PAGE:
We have to wonder why small modular reactors and the re …

Small modular nuclear reactors are widely viewed as the energy source of the future. But if we just look at the cost, solar and wind are much cheaper than small modular reactors, and battery technology is much better today than it was three years ago.

Roland Ngam

Dr. Roland Ngam is program manager for climate justice and socio-ecological transformation at the Rosa-Luxemburg-Stiftung, Southern Africa. The views expressed are not necessarily those of the Rosa Luxemburg Foundation.

Small modular reactors (SMRs) seem to be on everyone’s lips these days. Release them at your own risk. I’m not a conspiracy theorist, but everyone is talking about it, while energy prices are skyrocketing in Europe, Britain struggles to supply its gas stations, the Greens Nord Stream 2 want to cancel, and China rationing electricity after the recent proliferation of outages in 22 states .

Could it be that some of these crises – and ergo, Energy panic – Are they man-made to put fossils in the spotlight one last time? Nuclear energy is renewable, but I mean it takes fossils and a lot of capital to make it! Are those who rely on SMRs as the technology of the future rightly placing their hopes on this sector and not on more environmentally friendly alternatives?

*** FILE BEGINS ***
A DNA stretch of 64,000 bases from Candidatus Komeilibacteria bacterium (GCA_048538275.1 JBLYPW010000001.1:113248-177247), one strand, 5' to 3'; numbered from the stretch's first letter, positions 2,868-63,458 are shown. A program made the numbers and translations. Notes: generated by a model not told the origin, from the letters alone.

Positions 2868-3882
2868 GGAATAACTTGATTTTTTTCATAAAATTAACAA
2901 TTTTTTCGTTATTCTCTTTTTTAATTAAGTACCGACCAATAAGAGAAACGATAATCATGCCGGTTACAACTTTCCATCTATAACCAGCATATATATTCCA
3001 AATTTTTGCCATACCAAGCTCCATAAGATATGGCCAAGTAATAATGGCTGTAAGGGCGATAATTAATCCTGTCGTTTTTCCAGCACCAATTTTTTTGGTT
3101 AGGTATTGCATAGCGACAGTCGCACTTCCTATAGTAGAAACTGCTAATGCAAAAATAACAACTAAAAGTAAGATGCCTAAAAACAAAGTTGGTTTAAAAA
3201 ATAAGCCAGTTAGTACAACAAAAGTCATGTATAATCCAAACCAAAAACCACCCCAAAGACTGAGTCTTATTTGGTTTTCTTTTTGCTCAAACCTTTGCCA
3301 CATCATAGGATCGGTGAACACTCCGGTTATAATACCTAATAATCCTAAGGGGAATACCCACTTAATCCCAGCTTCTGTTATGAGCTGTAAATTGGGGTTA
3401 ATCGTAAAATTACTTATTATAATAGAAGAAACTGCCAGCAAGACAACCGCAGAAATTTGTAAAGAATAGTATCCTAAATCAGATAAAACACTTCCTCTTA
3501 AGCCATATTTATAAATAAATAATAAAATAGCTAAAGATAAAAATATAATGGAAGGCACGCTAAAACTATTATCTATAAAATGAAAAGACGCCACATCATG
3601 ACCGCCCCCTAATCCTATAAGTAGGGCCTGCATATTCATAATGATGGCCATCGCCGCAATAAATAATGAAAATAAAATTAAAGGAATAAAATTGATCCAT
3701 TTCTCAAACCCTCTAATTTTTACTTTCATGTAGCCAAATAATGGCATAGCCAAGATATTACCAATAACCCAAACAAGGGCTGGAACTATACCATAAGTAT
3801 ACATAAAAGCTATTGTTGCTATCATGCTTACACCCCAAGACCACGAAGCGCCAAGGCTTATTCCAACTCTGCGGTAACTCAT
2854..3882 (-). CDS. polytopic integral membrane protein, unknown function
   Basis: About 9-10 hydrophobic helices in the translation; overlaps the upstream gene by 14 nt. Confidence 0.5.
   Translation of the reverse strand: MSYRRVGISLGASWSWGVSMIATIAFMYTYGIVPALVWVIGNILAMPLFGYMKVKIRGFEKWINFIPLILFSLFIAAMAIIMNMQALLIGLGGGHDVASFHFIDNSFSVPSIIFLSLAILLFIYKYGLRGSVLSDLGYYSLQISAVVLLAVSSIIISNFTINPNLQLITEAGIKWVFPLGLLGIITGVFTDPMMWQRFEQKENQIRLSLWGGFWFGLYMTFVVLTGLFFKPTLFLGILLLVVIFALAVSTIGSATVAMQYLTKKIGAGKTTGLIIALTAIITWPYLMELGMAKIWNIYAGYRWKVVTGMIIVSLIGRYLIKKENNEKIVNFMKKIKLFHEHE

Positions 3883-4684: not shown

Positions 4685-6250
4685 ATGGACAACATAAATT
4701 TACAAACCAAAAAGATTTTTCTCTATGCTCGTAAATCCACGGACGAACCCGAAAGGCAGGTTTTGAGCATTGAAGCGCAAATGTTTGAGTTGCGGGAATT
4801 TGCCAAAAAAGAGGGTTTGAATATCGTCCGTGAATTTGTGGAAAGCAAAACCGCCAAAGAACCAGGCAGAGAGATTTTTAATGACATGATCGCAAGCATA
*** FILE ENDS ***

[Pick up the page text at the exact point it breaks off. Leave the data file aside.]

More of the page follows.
I’ll come back to that later. First, what exactly are SMRs?

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SMRs are small nuclear reactors with a capacity of 300 MW or less (almost enough power to make Mangaung glow) – really tiny compared to the classic reactors like the 7,965 MW Kashiwazaki-Kariwa plant in Japan, which are four times the size Koeberg is and can shine almost the entire city of Johannesburg. The capacities below 15 MW are called VSMRs.

Unlike larger power reactors, which take 10-15 years to build and cost at least $ 10 billion, SMRs can be installed in less than four years at a cost of between $ 3 billion and $ 5 billion, with an average lifespan of 60 years. Utilities can start with one SMR and add up to 12 modules over time in some cases. Another benefit of SMRs is that they cannot melt together – They are designed to simply shut down and cool down. This takes away the fear of nuclear accidents that release radiant material into the atmosphere.

Although some skeptics say we are about a decade away from commercial SMRs, Russia already has a 35 MW floating SMR power ship and plans to build a second in Siberia soon.

America has been subsidizing SMR research for more than a decade. They paid $ 226 million in research grants for the light-water SMR built by Nuscale Power for Energy Northwest. US Congress has already passed a Nuclear Production Tax Credit (PTC) bill to subsidize energy from the facility for the next 10 years, and the Department of Energy has passed further approval $ 1.355 billion Fund the Carbon Free Power Project (CFPP), which is investing heavily in SMRs.

China already has a number of SMR floating power vessels and has started construction 125 MWe land-based pressurized water reactor (PWR) in Hainan Province in June 2021. The project was officially launched by the Ministry of Ecology and Environment.

In the UK, SMRs are a central component of the decarbonization strategy. Last year Prime Minister Boris Johnson announced a £ 525 million investment in SMR development, and Economy Secretary Kwasi Kwarteng is about to approve one Contract for Rolls-Royce building a fleet of them to ensure energy self-sufficiency, which has become a hotly debated issue after Brexit and now amid the fuel shortages that have ravaged the country.